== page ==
Maria Bondes / Sandra Heep

Frames We Can Believe In: Official Framing and Ideology in the CCP’s Quest for Legitimacy

GIGA Working Paper, No. 187, February 2012

Abstract
In the debate on authoritarian resilience, the importance of persuasion to regime legitimacy has been widely acknowledged, yet a conceptual framework explaining the role of persuasion is still lacking. Against this backdrop, we argue that the framing perspective (Benford and Snow 2000) provides a useful basis for such a framework. Drawing on Beetham’s (1991) model of legitimacy, we contend that the ruling elites in authoritarian regimes propagate official frames in a continuous effort to reproduce the belief of the populace in the elites’ leadership qualities and their determination to serve the common interest. In the empirical part of our paper we look at the case of China, where the Chinese Communist Party (CCP) has in recent years reemphasized persuasion as a means of reproducing legitimacy. We then apply our theory in an analysis of the conceptual shifts in the CCP’s frames and ideology, as propagated under its secretary general, Hu Jintao.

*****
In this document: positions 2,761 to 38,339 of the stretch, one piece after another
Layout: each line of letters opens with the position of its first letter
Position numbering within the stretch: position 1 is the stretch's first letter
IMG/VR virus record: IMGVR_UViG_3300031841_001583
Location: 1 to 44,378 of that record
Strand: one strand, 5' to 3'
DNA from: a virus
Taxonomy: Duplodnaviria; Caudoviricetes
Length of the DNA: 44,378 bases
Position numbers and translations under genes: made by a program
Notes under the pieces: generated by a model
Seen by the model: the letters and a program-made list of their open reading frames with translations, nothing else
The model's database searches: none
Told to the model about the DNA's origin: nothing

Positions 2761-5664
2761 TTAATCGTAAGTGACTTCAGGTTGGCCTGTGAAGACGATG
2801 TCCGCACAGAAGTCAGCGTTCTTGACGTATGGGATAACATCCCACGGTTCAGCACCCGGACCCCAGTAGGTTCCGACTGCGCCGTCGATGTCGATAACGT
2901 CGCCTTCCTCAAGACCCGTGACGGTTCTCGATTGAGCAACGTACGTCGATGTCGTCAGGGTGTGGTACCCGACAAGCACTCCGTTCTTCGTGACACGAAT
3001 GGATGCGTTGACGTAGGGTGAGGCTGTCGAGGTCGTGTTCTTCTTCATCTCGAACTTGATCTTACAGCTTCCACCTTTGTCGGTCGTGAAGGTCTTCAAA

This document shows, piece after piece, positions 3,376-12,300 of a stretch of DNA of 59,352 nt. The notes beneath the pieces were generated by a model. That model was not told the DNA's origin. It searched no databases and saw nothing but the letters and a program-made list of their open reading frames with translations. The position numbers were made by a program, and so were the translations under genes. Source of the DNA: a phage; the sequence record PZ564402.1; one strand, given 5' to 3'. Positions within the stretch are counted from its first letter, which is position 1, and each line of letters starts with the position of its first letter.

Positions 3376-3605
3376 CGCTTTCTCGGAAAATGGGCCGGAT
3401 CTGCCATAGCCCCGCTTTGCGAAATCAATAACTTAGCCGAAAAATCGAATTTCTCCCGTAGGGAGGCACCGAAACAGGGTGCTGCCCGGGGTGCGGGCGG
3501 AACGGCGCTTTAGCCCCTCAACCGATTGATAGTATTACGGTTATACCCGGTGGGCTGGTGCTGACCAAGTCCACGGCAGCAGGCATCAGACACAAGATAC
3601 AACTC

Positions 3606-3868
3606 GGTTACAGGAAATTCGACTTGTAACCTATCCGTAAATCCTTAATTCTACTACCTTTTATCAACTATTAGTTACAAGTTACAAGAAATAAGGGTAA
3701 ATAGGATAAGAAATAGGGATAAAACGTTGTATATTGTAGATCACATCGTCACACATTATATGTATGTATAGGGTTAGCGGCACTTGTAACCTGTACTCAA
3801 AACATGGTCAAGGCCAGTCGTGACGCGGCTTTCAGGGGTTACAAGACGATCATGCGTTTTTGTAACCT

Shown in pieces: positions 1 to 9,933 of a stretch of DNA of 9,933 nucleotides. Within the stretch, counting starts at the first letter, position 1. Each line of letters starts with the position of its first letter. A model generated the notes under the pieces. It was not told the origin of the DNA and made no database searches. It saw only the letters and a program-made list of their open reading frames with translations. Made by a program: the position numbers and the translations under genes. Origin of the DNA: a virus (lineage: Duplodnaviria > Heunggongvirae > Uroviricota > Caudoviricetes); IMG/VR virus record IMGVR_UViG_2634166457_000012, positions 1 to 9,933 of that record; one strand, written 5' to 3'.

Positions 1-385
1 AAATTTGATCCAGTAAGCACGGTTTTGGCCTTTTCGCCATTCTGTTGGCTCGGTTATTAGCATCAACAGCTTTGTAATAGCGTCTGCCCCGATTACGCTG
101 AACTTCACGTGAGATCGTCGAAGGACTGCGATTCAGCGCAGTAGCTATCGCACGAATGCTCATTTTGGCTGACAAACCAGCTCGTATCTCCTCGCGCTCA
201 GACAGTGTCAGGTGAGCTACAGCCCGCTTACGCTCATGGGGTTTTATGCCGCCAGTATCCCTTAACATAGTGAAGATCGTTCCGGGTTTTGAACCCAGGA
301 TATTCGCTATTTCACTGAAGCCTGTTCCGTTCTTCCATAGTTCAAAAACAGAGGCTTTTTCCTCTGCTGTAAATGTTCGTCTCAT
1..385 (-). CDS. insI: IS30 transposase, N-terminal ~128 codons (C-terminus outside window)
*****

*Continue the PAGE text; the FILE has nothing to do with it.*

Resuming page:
GIGA-Forschung zum Thema

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Aktuelle Publikationen der AutorInnen

Maria Bondes

Chinese environmental contention: linking up against waste incineration

Amsterdam: Amsterdam University Press, 2019

Maria Bondes / Björn Alpermann

Networked Contention against Waste Incinerators in China: Brokers, Linkages and Dynamics of Diffusion

in: Teresa Wright (ed.), Handbook of Dissent and Protest in China, Cheltenham: Edward Elgar Publishing, 2019, 253-265

Maria Bondes / Thomas Johnson

Beyond Localized Environmental Contention: Horizontal and Vertical Diffusion in a Chinese Anti-Incinerator Campaign

Journal of Contemporary China, 26, 2017, 106, 504-520

Thomas Johnson / Maria Bondes (eds.)

Chinese Environmental Actors Linking Up: Towards an Environmental Movement?

Journal of Contemporary China, 26, 2017, 106

Maria Bondes / Günter Schucher

Derailed Emotions: The Transformation of Claims and Targets during the Wenzhou Online Incident

in: Wenhong Chen (ed.), The Internet, Social Networks and Civic Engagement in Chinese Societies, London/New York: Routledge, 2015, 45-65